Many people are so penetrated with the idea that the German Chancellor cannot fail, that they will reject this view, and maintain that he has some secret object which he will still obtain. The demand for the Carolines was only "a feint " they say ; the true object being the acquisition of much more considerable territory. That may be true, though the territory is not visible, and we do not profess to fathom the arcane of Prince Bismarck's mind ; but on the external evidence, his Colonial policy has not hitherto been such as to extort the admiration of an observant world. There has been a want -of largeness of view about it. He has not, for example, though he laments emigration to foreign lands and says it is nearly as costly as war, either secured or tried to secure a country adapted to emigra- tion, in which German life, German manners, and German culture might be perpetuated across the seas. If Germany possessed such a country it could be populated in ten years, by the simple expedient of permitting every Colonist
to consider entrance into the Militia of the Colony equiva- lent to military service. It is to avoid the conscription that young men emigrate from the Fatherland ; and they would be delighted with the compromise. It may be said that no sucheountry was obtainable ; but Prince Bismarck is powerful ; he does not shrink from wars or far-reaching treaties ; and it may he doubted whether, if he had been in deadly earnest, he could not have acquired either South Africa north of the Orange River, or Peru, or Morocco, or one of two or three other divisions of the world in which a 'German can drive the plough. That would have been the kind of large design we should have expected from 'the Prince if he had sought lands
for emigration ; while if he was seeking Indies, much the world was still available to a raler directing a great army, and able to reconcile himself to conquest. Neither Brazil nor
Japan could resist Germany; could have secured Indo- China, by -concessions to France ; and neither Great
Britain nor Holland would have stood out for ever if he had said, " We Germans will civilise all Borneo," an Asiatic empire of itself. Instead of thus seeking some grand dependency, he has been snapping up bits of settlements here and there with no result whatever, except soreness among great, or potentially great, communities. What is the value to Germany of the Cameroons, or Samoa, or that much dis- cussed little pesthouse, Angra Pequena ? German New Guinea may be worth something, or the new German territory extorted from Zanzibar ; but it will take years to make these depend- encies profitable as factories, and in the event of war with a Maritime Power, they will be most costly and troublesome to defend. All of them put together are not worth Ceylon. In securing them, moreover, Prince Bismarck has secured for Germany the of the Australians, who will at no distant date dominate the Pacific, and the distrust of the English, who were disposed to regard the new Great Power with the warmest sympathy. He has placed new burdens upon his Treasury which will increase as time goes on, and has broken with the old and successful policy of the Hohenzollerns never to scatter force. If in return he has secured the confidence of his people, he has, no doubt, an equivalent, and they may be pleased with his activity, but it is odd that, if this is the case, representatives chosen by universal suffrage refuse so many Colonial votes, and cut down so sharply the subventions to lines of Colonial steamers. Prince Bismarck himself complains that the Liberals thwart his Colonial efforts, and by Liberals, in this instance, he means the German people. All this looks to us like small policy ; and if we are not so to judge it, we must believe that Prince Bismarck is only gratifying an aspiration which he believes to be general, but which he does not himself feel, with as little expenditure either of treasure or of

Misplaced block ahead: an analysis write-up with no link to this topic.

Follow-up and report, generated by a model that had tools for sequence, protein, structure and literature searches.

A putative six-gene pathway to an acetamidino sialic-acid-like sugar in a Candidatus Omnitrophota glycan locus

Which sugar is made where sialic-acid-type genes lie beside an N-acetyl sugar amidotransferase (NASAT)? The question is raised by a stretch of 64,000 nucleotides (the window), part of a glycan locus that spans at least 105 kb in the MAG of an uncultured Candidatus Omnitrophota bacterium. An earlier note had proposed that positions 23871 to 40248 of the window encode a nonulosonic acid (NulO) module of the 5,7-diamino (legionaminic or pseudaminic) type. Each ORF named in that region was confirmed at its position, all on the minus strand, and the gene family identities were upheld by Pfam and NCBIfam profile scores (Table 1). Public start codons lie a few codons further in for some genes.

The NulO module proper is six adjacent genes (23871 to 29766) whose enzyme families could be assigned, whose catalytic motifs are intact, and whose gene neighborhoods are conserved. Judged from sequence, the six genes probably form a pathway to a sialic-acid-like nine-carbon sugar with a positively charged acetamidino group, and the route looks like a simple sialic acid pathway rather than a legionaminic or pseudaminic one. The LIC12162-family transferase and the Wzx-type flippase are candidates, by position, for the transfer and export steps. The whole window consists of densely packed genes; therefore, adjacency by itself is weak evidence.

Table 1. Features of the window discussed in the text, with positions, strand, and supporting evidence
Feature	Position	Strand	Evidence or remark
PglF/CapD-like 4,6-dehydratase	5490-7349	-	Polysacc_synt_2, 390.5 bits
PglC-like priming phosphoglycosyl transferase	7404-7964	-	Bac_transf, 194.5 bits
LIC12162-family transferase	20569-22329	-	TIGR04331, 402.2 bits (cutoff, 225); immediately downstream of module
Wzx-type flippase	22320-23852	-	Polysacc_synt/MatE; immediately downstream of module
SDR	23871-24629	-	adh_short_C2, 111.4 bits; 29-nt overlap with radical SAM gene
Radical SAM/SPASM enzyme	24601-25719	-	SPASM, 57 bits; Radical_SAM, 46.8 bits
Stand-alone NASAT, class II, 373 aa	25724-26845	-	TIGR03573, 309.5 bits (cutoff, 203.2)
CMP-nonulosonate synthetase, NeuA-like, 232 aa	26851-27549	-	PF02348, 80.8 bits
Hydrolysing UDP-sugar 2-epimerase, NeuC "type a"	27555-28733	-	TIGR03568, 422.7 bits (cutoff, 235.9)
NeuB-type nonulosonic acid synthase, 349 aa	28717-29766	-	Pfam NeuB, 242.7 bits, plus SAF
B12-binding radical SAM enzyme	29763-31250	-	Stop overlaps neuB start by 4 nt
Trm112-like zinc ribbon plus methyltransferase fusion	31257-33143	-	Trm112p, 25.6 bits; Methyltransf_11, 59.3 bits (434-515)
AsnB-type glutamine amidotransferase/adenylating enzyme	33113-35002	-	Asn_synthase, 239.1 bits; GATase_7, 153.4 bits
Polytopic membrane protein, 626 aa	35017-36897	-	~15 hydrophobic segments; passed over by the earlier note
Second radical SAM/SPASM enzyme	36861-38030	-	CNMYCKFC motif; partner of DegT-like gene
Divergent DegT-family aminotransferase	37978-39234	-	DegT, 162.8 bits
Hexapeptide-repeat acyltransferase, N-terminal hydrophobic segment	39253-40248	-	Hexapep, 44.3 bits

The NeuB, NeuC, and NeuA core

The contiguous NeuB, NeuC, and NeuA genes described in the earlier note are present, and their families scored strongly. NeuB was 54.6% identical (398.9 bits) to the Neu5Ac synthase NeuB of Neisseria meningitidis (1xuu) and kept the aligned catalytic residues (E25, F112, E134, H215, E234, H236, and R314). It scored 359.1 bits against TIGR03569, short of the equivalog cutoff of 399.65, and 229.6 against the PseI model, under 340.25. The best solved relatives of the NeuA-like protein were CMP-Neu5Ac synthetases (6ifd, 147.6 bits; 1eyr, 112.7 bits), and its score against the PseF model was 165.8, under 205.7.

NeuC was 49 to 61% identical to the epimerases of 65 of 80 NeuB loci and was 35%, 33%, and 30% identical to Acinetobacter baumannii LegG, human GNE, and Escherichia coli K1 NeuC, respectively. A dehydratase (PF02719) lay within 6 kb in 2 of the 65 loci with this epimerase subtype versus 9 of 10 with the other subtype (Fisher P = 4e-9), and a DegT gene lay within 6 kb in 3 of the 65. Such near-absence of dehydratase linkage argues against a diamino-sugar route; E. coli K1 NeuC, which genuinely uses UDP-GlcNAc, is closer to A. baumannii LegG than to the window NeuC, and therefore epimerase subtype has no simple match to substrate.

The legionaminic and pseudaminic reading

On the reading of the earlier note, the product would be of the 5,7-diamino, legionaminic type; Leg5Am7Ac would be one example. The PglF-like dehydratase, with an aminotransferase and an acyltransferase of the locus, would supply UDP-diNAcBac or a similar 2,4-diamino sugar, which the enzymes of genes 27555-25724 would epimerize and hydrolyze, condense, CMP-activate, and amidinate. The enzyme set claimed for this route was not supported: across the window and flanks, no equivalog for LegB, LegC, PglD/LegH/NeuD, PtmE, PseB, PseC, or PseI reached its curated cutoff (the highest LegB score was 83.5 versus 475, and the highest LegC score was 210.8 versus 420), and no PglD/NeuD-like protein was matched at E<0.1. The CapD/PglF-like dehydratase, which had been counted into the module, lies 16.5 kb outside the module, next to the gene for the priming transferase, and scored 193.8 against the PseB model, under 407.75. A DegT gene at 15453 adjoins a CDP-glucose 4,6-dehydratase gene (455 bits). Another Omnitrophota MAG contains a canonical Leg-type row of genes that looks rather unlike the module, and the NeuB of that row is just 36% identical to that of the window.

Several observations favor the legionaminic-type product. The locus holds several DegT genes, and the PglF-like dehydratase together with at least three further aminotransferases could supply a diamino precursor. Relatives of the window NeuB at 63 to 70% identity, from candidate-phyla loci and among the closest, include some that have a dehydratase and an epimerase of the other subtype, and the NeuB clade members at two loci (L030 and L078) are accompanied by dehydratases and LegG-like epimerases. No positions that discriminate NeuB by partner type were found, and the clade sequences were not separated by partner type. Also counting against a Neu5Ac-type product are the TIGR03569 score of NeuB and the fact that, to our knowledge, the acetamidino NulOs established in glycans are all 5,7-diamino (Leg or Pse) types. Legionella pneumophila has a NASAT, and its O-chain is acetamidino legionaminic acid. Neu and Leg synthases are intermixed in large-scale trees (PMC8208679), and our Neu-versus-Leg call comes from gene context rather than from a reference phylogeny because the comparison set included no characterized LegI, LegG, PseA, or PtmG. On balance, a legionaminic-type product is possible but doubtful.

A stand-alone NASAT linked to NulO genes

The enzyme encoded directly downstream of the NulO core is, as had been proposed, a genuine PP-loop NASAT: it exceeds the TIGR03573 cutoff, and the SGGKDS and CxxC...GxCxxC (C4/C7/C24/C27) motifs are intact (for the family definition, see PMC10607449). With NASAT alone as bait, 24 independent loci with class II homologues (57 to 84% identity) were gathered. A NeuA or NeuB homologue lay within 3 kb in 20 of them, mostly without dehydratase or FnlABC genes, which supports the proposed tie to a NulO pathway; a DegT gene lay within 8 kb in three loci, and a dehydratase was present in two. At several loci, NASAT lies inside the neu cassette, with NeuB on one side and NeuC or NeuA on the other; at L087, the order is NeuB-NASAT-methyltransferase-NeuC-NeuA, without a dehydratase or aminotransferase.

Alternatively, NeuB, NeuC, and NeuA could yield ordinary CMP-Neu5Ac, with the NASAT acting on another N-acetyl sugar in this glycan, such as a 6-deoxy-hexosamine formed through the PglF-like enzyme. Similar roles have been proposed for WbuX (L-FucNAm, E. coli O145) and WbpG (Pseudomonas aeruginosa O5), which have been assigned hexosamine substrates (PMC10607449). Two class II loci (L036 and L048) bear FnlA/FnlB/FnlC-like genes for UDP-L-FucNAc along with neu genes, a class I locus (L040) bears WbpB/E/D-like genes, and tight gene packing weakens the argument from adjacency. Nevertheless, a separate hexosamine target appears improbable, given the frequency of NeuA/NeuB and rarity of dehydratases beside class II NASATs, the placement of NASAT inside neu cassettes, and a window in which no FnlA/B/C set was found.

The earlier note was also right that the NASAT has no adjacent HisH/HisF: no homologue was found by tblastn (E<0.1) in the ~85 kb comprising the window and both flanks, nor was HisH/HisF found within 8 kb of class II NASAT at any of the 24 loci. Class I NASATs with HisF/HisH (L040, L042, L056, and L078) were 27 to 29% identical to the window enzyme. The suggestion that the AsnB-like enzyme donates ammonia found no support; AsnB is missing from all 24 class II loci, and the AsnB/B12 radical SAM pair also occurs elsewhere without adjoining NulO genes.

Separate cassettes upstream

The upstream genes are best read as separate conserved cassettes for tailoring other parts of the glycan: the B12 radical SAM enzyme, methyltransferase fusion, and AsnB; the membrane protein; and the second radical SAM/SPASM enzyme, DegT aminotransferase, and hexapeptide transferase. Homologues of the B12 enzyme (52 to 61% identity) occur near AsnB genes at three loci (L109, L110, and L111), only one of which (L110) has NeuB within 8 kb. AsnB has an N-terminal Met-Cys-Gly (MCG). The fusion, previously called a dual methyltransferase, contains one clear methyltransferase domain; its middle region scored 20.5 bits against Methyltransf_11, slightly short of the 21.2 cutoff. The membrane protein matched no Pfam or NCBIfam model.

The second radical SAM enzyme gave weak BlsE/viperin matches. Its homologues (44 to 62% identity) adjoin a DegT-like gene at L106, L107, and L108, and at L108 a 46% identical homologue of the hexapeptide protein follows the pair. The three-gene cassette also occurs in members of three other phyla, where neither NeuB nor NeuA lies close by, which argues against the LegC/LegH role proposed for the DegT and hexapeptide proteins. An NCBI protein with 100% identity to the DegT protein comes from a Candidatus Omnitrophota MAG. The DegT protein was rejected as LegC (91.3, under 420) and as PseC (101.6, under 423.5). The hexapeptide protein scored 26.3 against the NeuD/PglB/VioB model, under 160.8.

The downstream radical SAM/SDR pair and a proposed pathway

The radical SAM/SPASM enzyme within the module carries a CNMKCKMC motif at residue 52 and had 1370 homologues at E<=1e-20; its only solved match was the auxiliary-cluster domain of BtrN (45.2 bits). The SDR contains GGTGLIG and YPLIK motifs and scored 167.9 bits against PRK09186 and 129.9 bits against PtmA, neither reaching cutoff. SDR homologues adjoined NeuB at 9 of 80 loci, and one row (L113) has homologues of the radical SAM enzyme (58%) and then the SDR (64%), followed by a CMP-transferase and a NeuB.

force as he can. That is, of course, quite possible ; but if this is the explanation, and the Prince is playing a comedy, he should be careful to be a little better informed. To rouse a State like Spain—which might be an invaluable ally in a French war—into a transport of anti-German feeling, in order to secure some useless islands which he is perfectly ready to resign, cannot be an illustration of diplomatic wisdom, even though the result should be nothing worse than it yet has been. If, however, it should be worse, and the throne of King Alfonso should be shaken by a people hurt in their national pride, the cause of Monarchy in Southern Europe will have received a deadly blow at the hands of a man who professes to detest Republicanism for itself, as well as for the weakness which, as he thinks, it invariably produces. Some other explanation may be accepted in the end ; but at present the only one which fits the facts is that Prince Bismarck annexed the Carolines to please his newspapers, without par- ticularly wanting the islands ; and when he found that Spaniards were angry, gave them up again. We do not see how the Constitutional statesmen whom he derides could have done worse than that.